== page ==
March 13, 2014
Art history professor publishes book on Renaissance art
Douglas N. Dow, associate professor of art history, published "Apostolic Iconography and Florentine Confraternities in the Age of Reform," which examines the art patronage of three different confraternal organizations at a crucial moment in their histories.
At the end of the 16th century, each of these groups commissioned decorative programs that featured apostolic iconography. One fresco cycle represents the apostles in their roles as Christ’s disciples and proselytizers. Another shows their martyrdoms, the terrible price the apostles paid for their mission and their faith. The third program presented sculptures of the apostles that stood as an example of how Christian piety had its roots in collective effort.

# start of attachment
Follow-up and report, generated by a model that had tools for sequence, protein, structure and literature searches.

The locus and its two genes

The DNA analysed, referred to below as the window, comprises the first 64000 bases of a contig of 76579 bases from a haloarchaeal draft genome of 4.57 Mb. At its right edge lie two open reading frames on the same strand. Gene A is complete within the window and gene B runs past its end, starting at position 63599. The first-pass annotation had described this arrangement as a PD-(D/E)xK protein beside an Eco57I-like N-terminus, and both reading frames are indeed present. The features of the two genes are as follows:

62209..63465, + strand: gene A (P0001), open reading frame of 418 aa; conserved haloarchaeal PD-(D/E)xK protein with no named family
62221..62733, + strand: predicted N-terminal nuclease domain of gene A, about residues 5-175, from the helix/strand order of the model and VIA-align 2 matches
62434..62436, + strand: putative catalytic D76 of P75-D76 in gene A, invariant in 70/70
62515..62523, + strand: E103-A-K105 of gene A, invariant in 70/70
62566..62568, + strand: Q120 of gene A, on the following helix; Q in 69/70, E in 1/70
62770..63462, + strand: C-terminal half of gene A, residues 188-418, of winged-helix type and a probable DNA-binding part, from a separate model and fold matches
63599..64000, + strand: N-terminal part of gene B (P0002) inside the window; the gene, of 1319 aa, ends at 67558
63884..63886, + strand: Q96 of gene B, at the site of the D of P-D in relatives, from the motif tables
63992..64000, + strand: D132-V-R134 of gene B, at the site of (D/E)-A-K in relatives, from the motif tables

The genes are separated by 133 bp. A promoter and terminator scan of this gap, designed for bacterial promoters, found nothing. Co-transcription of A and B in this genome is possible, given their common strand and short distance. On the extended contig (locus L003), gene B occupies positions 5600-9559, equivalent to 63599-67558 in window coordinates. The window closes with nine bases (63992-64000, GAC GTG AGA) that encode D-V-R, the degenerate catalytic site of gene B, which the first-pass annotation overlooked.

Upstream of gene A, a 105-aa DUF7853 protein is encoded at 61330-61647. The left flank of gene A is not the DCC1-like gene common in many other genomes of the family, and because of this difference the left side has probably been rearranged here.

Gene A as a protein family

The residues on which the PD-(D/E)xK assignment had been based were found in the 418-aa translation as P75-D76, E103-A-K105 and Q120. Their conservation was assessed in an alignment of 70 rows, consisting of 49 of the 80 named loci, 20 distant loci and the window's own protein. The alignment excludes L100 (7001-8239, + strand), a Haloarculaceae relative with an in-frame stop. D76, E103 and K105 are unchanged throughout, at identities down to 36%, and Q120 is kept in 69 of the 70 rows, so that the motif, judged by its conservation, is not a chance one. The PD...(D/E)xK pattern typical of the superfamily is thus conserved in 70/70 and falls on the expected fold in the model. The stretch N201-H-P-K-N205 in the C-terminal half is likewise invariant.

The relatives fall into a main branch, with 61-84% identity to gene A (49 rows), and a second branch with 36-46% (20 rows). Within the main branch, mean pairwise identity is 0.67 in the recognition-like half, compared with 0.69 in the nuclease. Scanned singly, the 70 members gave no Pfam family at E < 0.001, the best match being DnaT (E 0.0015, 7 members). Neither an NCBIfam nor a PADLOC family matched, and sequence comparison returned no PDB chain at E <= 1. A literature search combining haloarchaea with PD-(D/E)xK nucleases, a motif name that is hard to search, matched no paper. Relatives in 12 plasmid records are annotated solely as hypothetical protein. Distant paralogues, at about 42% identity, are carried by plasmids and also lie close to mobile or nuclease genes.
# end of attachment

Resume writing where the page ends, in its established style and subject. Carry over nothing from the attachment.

The emphasis on the apostles within these corporate groups demonstrates how the organizations adapted existing iconography to their own purposes. Dow argues that the willful engagement of these brotherhoods with apostolic themes reveals the complex interaction between confraternities and the church’s program of reform.